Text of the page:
September 23, 2020


We are now into week two of our two week quarantine and eating our way through a hotch potch of food items.  Some are the contents of our fridge in France, hurriedly cleared before we departed.  Some are what we equally hurriedly thought to put into a Sainsbury's delivery.  Some are what neighbours, my brother and Nick's sister brought and left on the doorstep.  So we will not starve, even if some of the food combinations are a little out of the ordinary, and we haven't yet had to resort to the contents of the freezer.

When I was little a salad was lettuce, tomato, cucumber, spring onions and beetroot, all home grown.  The beetroot would have been pickled in malt vinegar and there might also be home pickled red cabbage, home pickled onions and home made piccalilli if we were lucky.  The meat would have been a thick slice of boiled ham, hand carved from the butcher or sliced on one of those huge slicing machines, some tinned salmon or, if we were very lucky, some tinned corned beef.  On special days it would be tongue and if we were very good a slice of boiled egg.  We always had salad for Sunday tea in the summer (having had a huge Sunday dinner of roast lamb at lunchtime).

The only dressing would have been Heinz Salad Cream.  I remember the furore when, possibly in the 90's, Heinz threatened to stop making Salad Cream due to poor sales caused by the increase in popularity of other, more fashionable dressings, such as mayonnaise and vinaigrette.  The public revolted and Salad Cream remains on our supermarket shelves!

How things change!

This salad was a glorious mixture of French and English items that needed using up.  The main event was some sliced leftover duck breast.  Every week or two we treat ourselves to a prepared duck dish from Sainsbury's; Gressingham duck in plum sauce.  We had joyfully added it to our rushed order for delivery (although forgot more sensible staple items) and the portions were huge.

There was the equivalent of one whole breast left over, some of which we had one lunchtime in a wrap and the rest in this salad.

So, salads these days have little resemblance to those I ate in my childhood and up to my forties.  Even in the scotch egg years (home made of course) of the 70's salads were nothing like as exotic as the salads we eat nowadays.  I don't think I encountered a real avocado until well into the 80's!  And as for putting anything warm in a mum would have detested the way it wilted her lettuce!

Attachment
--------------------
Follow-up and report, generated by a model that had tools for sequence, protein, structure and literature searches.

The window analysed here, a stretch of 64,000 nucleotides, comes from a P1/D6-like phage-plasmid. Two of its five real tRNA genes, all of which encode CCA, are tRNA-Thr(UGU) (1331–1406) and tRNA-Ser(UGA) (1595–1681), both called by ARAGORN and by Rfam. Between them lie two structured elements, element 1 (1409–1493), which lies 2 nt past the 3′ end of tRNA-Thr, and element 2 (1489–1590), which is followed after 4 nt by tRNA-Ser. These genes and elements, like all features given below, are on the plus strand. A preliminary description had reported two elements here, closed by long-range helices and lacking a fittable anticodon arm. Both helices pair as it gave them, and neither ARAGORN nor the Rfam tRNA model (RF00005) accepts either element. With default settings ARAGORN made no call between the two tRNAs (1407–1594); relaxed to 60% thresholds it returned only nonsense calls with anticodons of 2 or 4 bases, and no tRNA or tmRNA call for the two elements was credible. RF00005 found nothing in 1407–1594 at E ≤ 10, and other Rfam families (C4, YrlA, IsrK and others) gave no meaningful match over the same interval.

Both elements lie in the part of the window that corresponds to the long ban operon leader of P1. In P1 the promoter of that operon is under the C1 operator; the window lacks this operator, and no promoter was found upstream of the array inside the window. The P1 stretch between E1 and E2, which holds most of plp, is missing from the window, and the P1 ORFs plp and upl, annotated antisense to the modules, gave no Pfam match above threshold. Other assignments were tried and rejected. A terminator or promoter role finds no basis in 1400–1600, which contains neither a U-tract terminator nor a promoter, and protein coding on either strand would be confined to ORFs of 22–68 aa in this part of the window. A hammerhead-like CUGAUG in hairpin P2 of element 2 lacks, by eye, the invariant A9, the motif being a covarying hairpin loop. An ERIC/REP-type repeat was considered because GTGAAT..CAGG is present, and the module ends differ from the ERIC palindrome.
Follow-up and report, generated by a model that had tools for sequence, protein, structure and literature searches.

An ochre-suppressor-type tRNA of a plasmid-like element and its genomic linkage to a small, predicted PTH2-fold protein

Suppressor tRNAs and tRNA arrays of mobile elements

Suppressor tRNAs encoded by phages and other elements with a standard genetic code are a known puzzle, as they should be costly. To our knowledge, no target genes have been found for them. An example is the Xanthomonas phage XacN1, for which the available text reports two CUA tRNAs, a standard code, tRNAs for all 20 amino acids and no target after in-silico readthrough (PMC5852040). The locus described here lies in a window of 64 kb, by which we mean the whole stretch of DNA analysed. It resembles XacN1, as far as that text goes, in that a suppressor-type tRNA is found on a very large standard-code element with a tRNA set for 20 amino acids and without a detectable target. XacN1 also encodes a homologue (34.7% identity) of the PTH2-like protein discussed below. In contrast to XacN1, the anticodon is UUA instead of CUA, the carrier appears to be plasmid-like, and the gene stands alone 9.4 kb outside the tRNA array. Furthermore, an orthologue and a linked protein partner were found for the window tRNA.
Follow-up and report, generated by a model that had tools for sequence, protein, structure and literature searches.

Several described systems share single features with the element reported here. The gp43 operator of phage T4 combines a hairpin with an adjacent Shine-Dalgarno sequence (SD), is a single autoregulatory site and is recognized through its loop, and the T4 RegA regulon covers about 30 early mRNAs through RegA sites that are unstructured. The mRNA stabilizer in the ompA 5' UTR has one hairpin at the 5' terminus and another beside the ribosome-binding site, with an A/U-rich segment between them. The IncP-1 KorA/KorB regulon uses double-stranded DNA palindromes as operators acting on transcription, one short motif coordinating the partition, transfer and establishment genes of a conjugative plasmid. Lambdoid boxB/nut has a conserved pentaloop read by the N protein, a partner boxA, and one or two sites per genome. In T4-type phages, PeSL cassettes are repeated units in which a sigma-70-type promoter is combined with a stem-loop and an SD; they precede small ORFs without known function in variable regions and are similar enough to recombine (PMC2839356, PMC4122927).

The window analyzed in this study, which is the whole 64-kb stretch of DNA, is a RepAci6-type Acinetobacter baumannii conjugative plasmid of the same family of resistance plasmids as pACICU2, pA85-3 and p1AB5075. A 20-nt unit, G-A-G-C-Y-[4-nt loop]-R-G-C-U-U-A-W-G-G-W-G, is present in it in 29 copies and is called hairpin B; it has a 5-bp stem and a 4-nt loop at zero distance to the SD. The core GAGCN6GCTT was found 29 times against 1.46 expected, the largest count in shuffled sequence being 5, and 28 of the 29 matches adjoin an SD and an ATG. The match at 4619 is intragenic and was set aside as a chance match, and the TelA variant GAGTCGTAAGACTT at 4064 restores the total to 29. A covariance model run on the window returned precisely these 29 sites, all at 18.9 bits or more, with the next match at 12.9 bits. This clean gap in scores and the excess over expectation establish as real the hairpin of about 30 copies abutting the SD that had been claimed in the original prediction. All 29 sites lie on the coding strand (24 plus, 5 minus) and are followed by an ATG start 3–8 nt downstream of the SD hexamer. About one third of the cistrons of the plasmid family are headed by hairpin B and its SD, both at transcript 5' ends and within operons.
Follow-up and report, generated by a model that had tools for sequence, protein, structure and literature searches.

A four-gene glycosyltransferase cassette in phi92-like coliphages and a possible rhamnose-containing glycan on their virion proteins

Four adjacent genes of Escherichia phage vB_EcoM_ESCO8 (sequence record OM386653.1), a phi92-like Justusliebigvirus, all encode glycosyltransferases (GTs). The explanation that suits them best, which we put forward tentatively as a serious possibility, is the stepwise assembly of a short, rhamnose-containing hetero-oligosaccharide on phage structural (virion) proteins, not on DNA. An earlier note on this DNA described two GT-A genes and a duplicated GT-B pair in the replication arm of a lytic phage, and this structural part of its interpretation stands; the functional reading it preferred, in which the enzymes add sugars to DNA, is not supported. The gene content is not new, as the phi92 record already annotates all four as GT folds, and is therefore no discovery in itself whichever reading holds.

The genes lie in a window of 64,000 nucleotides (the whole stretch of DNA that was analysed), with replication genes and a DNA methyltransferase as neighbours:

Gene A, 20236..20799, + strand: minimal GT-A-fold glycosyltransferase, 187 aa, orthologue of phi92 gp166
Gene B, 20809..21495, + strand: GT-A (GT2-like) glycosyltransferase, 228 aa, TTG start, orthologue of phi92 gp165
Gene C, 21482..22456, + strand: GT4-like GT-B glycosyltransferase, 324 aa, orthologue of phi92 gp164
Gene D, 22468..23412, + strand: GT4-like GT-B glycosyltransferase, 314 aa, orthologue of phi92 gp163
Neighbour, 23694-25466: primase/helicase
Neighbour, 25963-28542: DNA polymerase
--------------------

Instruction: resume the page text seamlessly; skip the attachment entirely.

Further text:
Another favourite is homemade coleslaw and I had remembered to put the ingredients into the Sainsbury's basket.

This salad contained

Brought from France:

red lettuce

feta cheese cubed


a few black olives

From the UK:

hard boiled eggs

sliced leftover cold duck


cherry tomatoes

sliced leftover cooked new potatoes

For the coleslaw

a chunk each of white and red hard cabbage, shredded

1 large carrot, grated

a handful of sultanas

*I often add other ingredients if I have them in stock, such as shredded fennel, sliced celery, finely sliced spring onions, chopped chives or other fresh herbs, whole grain mustard, chopped walnuts.

All mixed together with just enough mayonnaise (from France) to bring it together, a dash of French mustard and a splash of white wine vinegar, plus salt and pepper.

Not a pickled onion in sight!!  But I confess to adding a blob or two of Salad Cream.


  1. English salads dating back to the end of WW2 put me off salads for decades. Half a tomato, two transparent slices of hard-boiled egg, two slices of cucumber, a faint scattering of mustard cress and a mound of dark green, leathery lettuce leaves which anyone with middle-class aspirations would have discarded at the outset.

    These days VR serves me a Nigella concoction consisting of avocado chunks, pomegranate seeds, feta cheese and something which I always forget. Not a hint of lettuce. I love France but am tested to destruction when I find myself presented with a salade verte which, to my mind, offends the Trade Deescriptions act.

    1. Roderick, French salads are very much like the French people, I find. Either overflowing with their generosity or "take it or leave it" plain green leaves with a little sour dressing!

  2. I hated English salads too. Now I’ve become a massive fan of Spanish ones, which tend to be very diverse and often include fruit and/or nuts. Favourite is ensalada tropical, a lettuce base with any combination of avocado, mango, pineapple, kiwi, melon, slices of orange, and maybe some nuts or pomegranate seeds. Simply dressed with olive oil and maybe a spot of sherry vinegar. Best eaten on a beach!

    1. Mmmm, your salad sounds delicious! I often add bits of fruit to our salads, apple and grapes especially.

  3. Now I like the sound of that salad. I'm all for eating whatever is around in a meal. It makes a meal an occasion. There are limits, though. I once had a truly bizarre salad in a restaurant in Dieppe containing several different meats, random vegetables, frites, a few chunks of odd fish, mussels and some fruit. The restaurant closed down the next day and had obviously decided to empty the contents of their fridges on to my plate.

    1. Phil, that does sound odd. Definitely a "salade composée"!